KNF&T Staffing Resources celebrates 35 years in business this month. To honor this milestone, we sat down with the remaining founding partner and our fearless CEO, Beth Tucker, to reflect on the past three and half decades in the Boston staffing world.
Before you started KNF&T, had you ever thought about owning your own business?
Honestly, not really. I was in my late 20’s at the time and was more focused on my career in staffing than being an entrepreneur. But, I was approached by three executives at my company and it seemed like a great opportunity that I couldn’t pass up. The rest is history.
What was the environment like for women business owners then?
It was definitely less receptive to women than it is now. For instance, as a budding female-owned company in the 80s, getting a bank loan to start our company was a tall order. Knowing that we’d face resistance, we took fate into our own hands and all four of us invested our personal money to start KNF&T. At the time, women business owners in general were few and far between. I’m really glad to see the progress we’ve made since then.
You founded KNF&T on a more consultative approach to staffing, what does that mean to you?
This is the cornerstone of KNF&T and what really enables us to find the right fit time and time again. Our consultative approach means actively listening to the client or candidates’ needs. What are the objectives? Challenges? Hiring history? You need to do a deep dive to find out what they’re actually looking for form a career perspective and understand what they need to make the company or job a success.
In our business, especially in the early beginnings of staffing, this approach was really unique. Staffing hadn’t been as thorough – people didn’t take the time to understand the client or candidate needs. It was more of a commodity approach. The consultative approach really set us apart.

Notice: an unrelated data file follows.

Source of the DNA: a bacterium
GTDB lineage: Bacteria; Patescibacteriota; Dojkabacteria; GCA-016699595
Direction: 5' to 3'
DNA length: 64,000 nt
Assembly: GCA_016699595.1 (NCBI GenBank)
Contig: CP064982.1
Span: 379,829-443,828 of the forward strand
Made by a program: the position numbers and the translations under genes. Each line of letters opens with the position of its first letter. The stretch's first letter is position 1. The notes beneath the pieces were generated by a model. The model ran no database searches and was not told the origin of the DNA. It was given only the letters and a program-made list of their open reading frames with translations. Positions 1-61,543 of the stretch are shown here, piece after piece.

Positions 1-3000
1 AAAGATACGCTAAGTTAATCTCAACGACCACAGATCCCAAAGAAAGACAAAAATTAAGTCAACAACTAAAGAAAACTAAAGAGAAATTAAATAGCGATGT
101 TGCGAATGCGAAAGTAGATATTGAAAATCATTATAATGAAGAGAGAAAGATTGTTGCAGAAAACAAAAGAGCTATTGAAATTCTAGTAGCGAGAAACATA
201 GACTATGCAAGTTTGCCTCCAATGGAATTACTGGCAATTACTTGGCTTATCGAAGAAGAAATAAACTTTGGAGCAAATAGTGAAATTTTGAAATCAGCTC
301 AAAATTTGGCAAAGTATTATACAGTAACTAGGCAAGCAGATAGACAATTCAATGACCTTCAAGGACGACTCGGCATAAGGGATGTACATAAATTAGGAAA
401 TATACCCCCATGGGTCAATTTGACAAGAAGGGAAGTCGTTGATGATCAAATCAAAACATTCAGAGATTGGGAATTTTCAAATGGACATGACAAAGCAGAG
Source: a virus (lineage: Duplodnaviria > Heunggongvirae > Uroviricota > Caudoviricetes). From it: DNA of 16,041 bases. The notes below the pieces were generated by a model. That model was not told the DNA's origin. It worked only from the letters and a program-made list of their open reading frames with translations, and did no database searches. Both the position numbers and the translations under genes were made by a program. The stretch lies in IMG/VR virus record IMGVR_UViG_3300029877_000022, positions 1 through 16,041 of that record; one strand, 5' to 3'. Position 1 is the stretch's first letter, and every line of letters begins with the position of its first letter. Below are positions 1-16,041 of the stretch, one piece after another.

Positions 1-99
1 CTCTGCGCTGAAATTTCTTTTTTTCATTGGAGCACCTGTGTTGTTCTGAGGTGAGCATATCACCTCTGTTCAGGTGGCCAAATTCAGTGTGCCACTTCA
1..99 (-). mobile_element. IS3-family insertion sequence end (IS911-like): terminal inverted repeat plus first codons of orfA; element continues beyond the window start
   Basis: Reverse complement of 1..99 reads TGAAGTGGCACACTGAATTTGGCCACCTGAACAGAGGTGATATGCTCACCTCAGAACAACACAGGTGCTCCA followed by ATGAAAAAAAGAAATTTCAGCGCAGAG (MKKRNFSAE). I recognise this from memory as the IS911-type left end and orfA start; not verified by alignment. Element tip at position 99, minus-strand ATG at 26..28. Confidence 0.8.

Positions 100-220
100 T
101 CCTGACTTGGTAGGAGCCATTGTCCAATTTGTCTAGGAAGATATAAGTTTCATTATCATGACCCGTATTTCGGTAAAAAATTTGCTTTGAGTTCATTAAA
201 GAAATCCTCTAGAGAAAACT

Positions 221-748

What motivates you?
I’m proud of the company. I want it to be successful and leave a successful legacy. Most entrepreneurs feel like they’re going to fail every day, and that’s what pushes them to come to work and succeed. If you feel like you’ve got it all right, chances are you probably don’t. There’s always room to change, grow, and move the needle.
What are you most proud of?
Making it to 35 years! If I had to narrow it down, I’d say the accolades we’ve received over the years have been wonderful, like the Boston Chamber’s Pinnacle Award for entrepreneurship in 2009, but what really what makes me proud is that we’ve been able to put thousands of people to work. To help improve their skills, their career trajectory, and help lift people up.
Years ago, there was a young woman who had just graduated college and was looking to get into human resources – she wasn’t able to find the right fit, so she came to us. I ended up placing her at one of the larger Boston banks at an entry level role and I spent time counseling her on how to approach that job so she could become more visible. She ultimately got promoted several times within the company and was eventually made head of HR. She went on to become a leading executive at a large investment firm. Seeing success stories like that make me feel really proud.
What advice would you give to other women who are striving to become a CEO or own their own business?
Never give up. Work hard. Envision yourself in the role. Assume leadership roles both within the organization and outside of it, so when they’re looking for emerging leaders you’re an obvious choice.
Having gone through the trenches myself, I like to think that I’ve had some influence on the women in my life, like my daughter, to be able to make it – to stick with it. So many women give up because the environment isn’t conducive to supporting them, or daycare is too expensive to work, or they just feel like it is too hard and they don’t have enough support. So having this level of success is gratifying and, I think, helps contribute to other women feeling like its achievable. In the end, you want to feel like you’ve contributed. You want to feel like you’ve had personal impact.
Having KNF&T turn 35 is a big accomplishment. When I’m stressed, my son likes to say, “Mom, do you know the average lifespan of a small business? You’re way past that. Relax.” Well, I looked it up and the average life span of a small business is 10 years, so being able to get to 35 years with the kind of consistent recognition we’ve had is a very rewarding moment. Here’s to another great 35 years!